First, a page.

Security is the buzzword with terror threat in the air

Security is the buzzword with terror threat in the air

Not a problem, says Indian skipper Dhoni

Security is the buzzword  with terror threat in the air

Anything there? A security guard checks out the pitch at the Sawai Mansingh Stadium on Saturday. AFP

Scores of Rajasthan Police personnel and members of the elite ERT, armed with machine guns, maintained a strict vigil even as sniffer dogs were pressed into service to ‘secure’ the venue.

The ground has also been ‘swept’ to ferret out possible explosives as the authorities are leaving no stone unturned to ensure that the match is incident-free off the field. The Indian Air Force has been placed on alert to check any possibility of an aerial strike, with the air space over the city being closely monitored.

The police and security personnel easily topped the four-figure mark, with many more expected to enter the fray on Sunday to form a three-ring security apparatus. Spectators have been banned from carrying cell phones, water bottles, eatables and inflammatory materials into the stadium, which in any case is increasingly becoming the norm at Indian centres these days.

Not the ideal scenario

It isn’t quite the ideal scenario under which to be playing a high-stake game of international cricket, but the players themselves are more than comfortable with the arrangements, particularly because it is for their own benefit.

“Obviously, it is sad, what has happened, and it’s sad when you have so much security with the threats and all that,” South African stand-in captain Jacques Kallis said. “We’ve come to a country like India, all we are really interested in is playing cricket.”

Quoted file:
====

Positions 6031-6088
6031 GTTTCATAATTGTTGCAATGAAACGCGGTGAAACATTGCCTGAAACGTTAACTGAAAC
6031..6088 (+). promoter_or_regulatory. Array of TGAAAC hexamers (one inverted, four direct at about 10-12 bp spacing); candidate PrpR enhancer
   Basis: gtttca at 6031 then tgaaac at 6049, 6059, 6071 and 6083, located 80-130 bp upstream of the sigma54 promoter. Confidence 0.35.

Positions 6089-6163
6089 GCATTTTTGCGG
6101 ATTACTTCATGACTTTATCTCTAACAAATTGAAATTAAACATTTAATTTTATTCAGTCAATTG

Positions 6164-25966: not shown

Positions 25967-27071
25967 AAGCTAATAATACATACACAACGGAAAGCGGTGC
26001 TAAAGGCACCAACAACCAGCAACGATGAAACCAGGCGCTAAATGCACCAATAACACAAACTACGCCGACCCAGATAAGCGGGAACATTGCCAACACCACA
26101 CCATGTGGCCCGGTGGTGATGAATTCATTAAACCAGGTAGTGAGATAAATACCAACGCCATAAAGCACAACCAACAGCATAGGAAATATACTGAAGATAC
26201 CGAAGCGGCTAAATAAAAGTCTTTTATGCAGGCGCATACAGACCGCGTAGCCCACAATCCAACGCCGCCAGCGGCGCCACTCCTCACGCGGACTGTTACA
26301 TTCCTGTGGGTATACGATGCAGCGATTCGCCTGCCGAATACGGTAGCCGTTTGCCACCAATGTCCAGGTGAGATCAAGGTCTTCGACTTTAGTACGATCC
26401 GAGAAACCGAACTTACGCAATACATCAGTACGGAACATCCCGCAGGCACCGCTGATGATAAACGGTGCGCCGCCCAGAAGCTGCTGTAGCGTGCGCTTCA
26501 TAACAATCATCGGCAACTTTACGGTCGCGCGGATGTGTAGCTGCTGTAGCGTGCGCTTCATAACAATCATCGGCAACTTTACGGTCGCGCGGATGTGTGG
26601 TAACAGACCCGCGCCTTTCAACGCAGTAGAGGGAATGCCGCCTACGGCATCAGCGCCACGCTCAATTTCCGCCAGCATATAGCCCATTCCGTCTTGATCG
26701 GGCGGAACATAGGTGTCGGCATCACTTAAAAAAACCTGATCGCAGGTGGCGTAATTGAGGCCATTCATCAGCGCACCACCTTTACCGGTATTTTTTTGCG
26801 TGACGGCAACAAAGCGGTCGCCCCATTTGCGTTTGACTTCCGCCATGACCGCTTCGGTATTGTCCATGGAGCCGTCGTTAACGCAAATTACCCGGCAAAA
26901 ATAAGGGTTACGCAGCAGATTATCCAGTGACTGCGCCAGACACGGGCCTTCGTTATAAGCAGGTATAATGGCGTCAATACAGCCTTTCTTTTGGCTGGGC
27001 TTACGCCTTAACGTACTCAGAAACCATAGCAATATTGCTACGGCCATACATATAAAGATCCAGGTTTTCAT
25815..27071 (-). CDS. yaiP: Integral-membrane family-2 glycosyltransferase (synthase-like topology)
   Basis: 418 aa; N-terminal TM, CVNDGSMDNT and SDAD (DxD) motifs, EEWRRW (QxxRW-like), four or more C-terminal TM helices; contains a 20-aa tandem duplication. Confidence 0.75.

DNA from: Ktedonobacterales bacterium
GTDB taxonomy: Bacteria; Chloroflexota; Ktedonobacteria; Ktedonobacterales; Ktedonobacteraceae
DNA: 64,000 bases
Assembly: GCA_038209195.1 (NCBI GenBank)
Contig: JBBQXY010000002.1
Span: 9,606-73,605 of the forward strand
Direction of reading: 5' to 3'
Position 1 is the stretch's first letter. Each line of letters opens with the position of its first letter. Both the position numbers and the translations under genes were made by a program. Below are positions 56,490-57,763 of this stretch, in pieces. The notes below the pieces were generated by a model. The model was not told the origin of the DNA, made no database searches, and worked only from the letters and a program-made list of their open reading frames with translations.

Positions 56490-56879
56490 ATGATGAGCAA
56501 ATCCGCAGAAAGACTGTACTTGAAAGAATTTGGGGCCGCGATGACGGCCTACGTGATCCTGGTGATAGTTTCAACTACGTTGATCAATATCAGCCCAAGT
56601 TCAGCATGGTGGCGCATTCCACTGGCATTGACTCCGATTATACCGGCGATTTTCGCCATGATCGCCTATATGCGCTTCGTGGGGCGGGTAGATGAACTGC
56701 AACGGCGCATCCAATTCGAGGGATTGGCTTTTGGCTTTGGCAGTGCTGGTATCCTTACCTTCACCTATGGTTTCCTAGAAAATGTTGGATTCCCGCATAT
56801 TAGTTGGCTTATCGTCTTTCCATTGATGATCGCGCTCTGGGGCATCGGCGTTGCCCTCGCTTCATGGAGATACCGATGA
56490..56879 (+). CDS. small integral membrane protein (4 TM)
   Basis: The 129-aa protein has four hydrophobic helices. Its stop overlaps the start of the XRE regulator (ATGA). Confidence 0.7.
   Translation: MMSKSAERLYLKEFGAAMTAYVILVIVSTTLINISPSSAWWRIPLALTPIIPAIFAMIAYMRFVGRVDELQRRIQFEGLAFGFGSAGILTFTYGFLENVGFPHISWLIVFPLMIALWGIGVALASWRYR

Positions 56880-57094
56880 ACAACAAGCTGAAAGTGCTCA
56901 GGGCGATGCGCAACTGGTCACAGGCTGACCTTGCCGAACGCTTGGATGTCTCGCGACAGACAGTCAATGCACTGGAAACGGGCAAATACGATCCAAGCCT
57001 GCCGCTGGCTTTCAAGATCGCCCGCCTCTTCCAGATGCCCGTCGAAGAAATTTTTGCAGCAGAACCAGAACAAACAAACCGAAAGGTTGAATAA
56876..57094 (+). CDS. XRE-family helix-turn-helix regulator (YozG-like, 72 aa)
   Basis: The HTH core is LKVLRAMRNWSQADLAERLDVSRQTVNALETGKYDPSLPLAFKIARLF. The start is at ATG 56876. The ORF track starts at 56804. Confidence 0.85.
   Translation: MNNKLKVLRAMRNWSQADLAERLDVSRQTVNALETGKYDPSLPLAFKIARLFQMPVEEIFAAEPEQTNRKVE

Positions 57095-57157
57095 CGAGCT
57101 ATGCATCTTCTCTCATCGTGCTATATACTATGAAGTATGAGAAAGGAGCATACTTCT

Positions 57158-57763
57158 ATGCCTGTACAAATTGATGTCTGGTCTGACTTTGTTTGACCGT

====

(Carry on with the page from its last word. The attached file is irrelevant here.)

On Friday, a security team from South Africa visited Jaipur to ascertain for themselves that all was in order, after which the team was given the all-clear to fly out from Kolkata. “We have been advised by all the security guys that the correct measures have been taken, that security is in place and it is as good as security is going to get,” added Kallis. “The guys are pretty comfortable because otherwise, we wouldn’t be here. We are just here to play the cricket and let the security guys take care of that, which they have done.”

India’s cricketers are more accustomed to heightened security, even if they are in the privileged position of being on the inside looking out. Mahendra Singh Dhoni said the huge numbers of police and security forces didn’t fluster him or his team. “Outside the field, if the number of policemen gets raised from 200 to 400, you don’t really get affected,” Dhoni noted. “You do see loads of policemen around the stadium but at the end of the day, when you walk into the field, it is just 11 players, two umpires and two batsmen. The crowd inside the field remains the same. It is for our own security, so I don’t think it is a real problem for us.”

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